‘Jane Eyre’ is the well-loved story of an orphaned girl who is engaged as a governess on behalf of the mysterious Mr Rochester. She and her employer fall in love but the situation is complicated by the dark secret Mr Rochester is hiding in his attic.
I recently read this book for the second time after a gap of about six years, and I still loved it and couldn’t put it down. All the characters seemed so vivid and real; Jane was a truly modern heroine and one with whom I sympathised strongly. I admired her independence and self-respect, and I appreciated Brontë’s inclusion of proto-feminist lines such as ‘I am no bird; and no net ensnares me; I am a free human being with an independent will’ and ‘It is my spirit that addresses your spirit; just as if both had passed through the grave, and we stood at God’s feet, equal, – as we are!’ My absolute favourite quote, however, is: ‘I care for myself. The more solitary, the more unsustained, the more friendless I am, the more I will respect myself‘ – a pertinent message even for modern-day readers. I know that some schools of thought argue that Jane loses her independence at the end of the novel, when she effectively becomes Mr Rochester’s nursemaid, but I feel that this is missing the point. He does not force her to stay with him; it is a choice she makes, and it is what she feels happiest doing.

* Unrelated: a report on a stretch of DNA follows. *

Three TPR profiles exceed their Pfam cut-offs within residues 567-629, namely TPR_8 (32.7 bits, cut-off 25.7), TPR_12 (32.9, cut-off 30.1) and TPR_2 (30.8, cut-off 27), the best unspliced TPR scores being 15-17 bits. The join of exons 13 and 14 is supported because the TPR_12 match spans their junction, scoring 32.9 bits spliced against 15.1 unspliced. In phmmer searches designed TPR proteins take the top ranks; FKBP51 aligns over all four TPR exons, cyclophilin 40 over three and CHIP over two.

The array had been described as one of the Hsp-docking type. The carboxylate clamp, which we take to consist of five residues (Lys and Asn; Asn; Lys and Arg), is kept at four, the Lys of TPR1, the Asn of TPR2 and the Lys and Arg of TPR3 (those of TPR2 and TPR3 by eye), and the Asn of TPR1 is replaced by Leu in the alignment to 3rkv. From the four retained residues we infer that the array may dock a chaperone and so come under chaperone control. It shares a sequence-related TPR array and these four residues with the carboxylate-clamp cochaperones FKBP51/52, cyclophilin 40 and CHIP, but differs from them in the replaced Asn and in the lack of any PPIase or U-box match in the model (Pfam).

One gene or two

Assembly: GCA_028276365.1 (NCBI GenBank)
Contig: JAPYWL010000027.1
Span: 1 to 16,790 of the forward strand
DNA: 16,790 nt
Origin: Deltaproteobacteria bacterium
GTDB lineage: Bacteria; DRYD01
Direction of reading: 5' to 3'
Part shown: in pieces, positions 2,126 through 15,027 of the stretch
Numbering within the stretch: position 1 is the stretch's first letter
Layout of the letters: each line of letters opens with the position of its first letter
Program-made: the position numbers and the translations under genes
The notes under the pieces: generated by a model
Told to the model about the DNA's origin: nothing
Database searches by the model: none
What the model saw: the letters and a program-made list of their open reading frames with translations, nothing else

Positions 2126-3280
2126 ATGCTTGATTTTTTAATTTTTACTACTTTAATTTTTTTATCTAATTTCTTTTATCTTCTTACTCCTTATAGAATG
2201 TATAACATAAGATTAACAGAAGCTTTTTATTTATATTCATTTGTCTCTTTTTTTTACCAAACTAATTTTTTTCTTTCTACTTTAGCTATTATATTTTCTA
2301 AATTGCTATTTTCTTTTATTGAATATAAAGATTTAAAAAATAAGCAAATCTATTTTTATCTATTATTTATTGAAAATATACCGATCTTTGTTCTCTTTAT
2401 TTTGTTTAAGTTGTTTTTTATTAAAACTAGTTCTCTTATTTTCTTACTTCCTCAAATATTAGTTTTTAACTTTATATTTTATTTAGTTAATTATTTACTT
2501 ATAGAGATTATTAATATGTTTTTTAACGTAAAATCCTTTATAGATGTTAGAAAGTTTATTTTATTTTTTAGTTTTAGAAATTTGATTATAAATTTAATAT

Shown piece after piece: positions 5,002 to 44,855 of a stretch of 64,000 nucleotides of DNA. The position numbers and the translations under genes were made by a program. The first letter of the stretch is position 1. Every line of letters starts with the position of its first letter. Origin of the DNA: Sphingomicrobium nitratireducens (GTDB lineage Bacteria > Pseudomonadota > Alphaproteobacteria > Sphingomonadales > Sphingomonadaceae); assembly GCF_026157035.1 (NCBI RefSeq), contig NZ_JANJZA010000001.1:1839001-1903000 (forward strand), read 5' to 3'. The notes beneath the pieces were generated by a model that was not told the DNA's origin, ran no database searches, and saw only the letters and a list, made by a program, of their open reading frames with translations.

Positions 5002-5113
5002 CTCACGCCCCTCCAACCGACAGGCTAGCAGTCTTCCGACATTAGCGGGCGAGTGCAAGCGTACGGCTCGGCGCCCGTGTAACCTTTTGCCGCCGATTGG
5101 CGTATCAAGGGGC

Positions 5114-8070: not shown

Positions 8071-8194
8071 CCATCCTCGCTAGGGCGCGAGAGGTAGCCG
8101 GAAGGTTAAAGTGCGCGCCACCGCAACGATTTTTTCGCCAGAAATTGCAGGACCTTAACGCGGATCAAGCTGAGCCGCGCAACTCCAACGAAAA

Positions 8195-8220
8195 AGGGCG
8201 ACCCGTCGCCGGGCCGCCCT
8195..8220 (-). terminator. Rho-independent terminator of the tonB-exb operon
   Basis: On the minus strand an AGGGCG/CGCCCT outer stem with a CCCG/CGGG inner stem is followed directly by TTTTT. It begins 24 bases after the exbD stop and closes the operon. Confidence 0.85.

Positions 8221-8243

Aside from a strong lead character, Jane Eyre has the added bonus of being one of the great books in the Gothic tradition. I particularly liked the contrast of folklore and magic with Christian morality, reflecting a conflict which I also noted in Tess of the D’Urbervilles and, to a lesser extent, Wuthering Heights. After re-reading Jane Eyre, I can say that in the Charlotte vs Emily war I am firmly in Charlotte’s camp. Jane Eyre was more engaging, better-written and felt more real than Wuthering Heights, for all the two novels share with regards to lonely moors and crumbling mansions.